Traditionally, computational and experimental approaches in biotechnological research are separate fields. EV Biotech integrates these fields to enhance the output of biotechnological research by combining well-designed experiments and models.

Our synergy

Developing and optimising biological systems as complex as microorganisms requires extensive trial-and-error testing, which is a time consuming, cost intensive and risk sensitive process. Mechanistic modelling greatly streamlines strain development. Models are useful to uncover interdependencies between mechanisms and to narrow down lab work. In turn, well-designed experiments can greatly enhance mechanistic models, increasing information-providing variables and even adding new mechanisms. 

At EV Biotech, we integrate multiple mechanistic models and their predictions with our strain engineering and laboratory experiments. In this way we can uncover interdependencies between mechanisms to narrow down lab work.

Mechanistic models employ mathematical relations to describe organism behaviour. These models support strain development by: 

  • Generating and testing hypotheses in silico.

  • Replicating and interpreting behaviour over different scales.

  • Improving understanding by adding and refining mechanisms and parameters within the model.

How our integrated feedback loop can make a difference

Example: Pathway modification for the production of biomolecules

Traditional fermentation utilises the ability of certain microorganisms to produce compounds of interest. Genetic modification of these pathways can further increase natural production and decrease the accumulation of unwanted byproducts. Genome scale modelling can be used to test potential targets, reducing the number of modifications that are created in the lab.

Example: Modelling over different scales greatly speeds up strain development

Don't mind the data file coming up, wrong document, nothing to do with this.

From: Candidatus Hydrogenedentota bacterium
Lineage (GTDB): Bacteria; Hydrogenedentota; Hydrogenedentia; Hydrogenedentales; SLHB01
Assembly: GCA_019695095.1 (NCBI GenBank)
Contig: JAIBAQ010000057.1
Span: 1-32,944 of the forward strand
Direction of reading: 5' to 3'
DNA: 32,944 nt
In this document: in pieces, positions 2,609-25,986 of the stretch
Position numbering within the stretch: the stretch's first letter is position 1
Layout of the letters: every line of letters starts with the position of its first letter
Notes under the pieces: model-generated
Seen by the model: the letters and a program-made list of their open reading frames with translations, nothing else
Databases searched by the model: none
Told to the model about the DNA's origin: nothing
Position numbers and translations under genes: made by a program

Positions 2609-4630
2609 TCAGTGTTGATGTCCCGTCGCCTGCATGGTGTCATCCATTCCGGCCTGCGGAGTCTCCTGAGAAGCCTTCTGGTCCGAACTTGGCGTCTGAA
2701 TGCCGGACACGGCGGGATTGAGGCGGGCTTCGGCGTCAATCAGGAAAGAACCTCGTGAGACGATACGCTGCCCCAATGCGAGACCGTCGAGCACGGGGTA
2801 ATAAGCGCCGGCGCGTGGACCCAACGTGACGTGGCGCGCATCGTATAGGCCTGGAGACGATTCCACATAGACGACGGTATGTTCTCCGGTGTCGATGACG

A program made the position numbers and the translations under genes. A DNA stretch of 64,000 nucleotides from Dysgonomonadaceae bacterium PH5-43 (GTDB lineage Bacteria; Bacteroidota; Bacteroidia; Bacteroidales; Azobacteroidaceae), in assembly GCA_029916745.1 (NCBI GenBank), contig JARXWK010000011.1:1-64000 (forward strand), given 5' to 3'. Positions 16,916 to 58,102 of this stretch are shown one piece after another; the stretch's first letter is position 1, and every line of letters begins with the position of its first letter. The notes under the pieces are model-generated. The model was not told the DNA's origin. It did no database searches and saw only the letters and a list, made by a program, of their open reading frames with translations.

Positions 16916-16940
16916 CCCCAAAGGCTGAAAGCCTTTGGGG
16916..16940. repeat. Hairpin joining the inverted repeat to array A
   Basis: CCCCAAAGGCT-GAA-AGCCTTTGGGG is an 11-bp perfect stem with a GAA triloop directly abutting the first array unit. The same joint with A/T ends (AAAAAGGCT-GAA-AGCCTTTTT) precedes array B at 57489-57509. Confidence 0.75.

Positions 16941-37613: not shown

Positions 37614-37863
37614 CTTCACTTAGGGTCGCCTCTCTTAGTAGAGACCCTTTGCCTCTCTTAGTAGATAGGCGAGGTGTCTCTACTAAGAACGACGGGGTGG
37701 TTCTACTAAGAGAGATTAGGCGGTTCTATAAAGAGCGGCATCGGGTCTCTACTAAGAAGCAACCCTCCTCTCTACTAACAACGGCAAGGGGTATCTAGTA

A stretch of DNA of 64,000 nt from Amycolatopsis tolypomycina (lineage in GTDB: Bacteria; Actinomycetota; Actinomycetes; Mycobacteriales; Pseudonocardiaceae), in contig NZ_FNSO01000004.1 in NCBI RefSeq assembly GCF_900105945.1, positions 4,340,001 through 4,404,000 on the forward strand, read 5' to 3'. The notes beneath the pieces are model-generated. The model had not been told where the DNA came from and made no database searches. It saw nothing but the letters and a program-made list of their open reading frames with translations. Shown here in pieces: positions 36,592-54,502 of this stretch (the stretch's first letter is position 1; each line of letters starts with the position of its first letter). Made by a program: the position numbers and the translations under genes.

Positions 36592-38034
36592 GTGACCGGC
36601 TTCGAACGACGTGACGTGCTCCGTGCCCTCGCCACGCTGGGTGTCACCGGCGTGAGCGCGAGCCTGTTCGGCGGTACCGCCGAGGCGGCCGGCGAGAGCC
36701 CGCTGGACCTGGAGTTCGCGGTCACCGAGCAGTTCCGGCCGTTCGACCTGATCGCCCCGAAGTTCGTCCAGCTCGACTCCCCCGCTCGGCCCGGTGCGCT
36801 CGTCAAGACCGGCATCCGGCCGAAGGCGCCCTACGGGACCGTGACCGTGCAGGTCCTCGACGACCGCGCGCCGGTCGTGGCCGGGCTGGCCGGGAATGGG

Microtitre plates and shake flasks enable high-throughput strain screening due to their simplicity and size. Substrate release systems replicate lower growth rates in fed-batch mode, as opposed to batch growth. Robust fermentation models on different scales and feed modes determine set-ups with consistent growth and production rates.

Example: Synthetic secretion signals for optimised downstream processing

Downstream processing to collect compounds produced in cells can contribute significantly to costs. Secretion signals are often used to simplify downstream processing, but the efficiency of these signals can be limited by both the organism used and the specific desired products. AI assisted predictions enabled the development of a library of synthetic secretion signals that can be tested by our strain developers to identify the most promising sequences for a desired organism and product.

Example: Scale down fermentation simulation

Comprehensive data collection in large-scale reactors is extremely challenging. Computational fluid dynamic models, however, simulate heterogeneous conditions, aiding experimental design. Simulations can be used to replicate glucose concentration gradients in bench-top reactors to study transcriptomic responses.

A: A coupled spatial model of a reactor with a pooled metabolic model is used to simulate the B: conditions a cell encounters throughout the reactor. C: These conditions are replicated in bench-top reactors to collect D: data on large scale conditions. E: After data analysis, the metabolic model can be improved and used in a new experimental cycle.

Example: Strain engineering to enable low-cost carbon alternatives

While fermentation can be a green alternative to petroleum-based production, the need for high-quality carbon sources can contribute significantly to cost and increase demand on food-based crops. Strain engineering can enable the use of low-cost carbon sources derived from waste products. For example, the expression of amylase enzymes in yeast can allow for growth on starch derived from plant waste. Alternatively, with our media optimisation tool we can predict how to utilise a side stream as carbon source for the microorganism.

Why we stand out

Agile & Transparent

Working agile enables us to deliver the product faster with enhanced quality, predictability, and flexibility to respond to change. And transparency, one of the key pillars of agile framework, allows our clients to learn how we are doing the work, fosters trust, and leads to making good decisions.


At EV Biotech we undertake a systemic and holistic risk assessment across the key success factors, and catalogue all the ways a project could fail, even at the earliest stages of development. This allows us to terminate project early, or deploy risk mitigation strategies throughout the full client journey.

Fair IP Ownership

We value and protect client's intellectual property and work with a clear distinctions between the foreground and background IP.


Interested to learn more about our approach?

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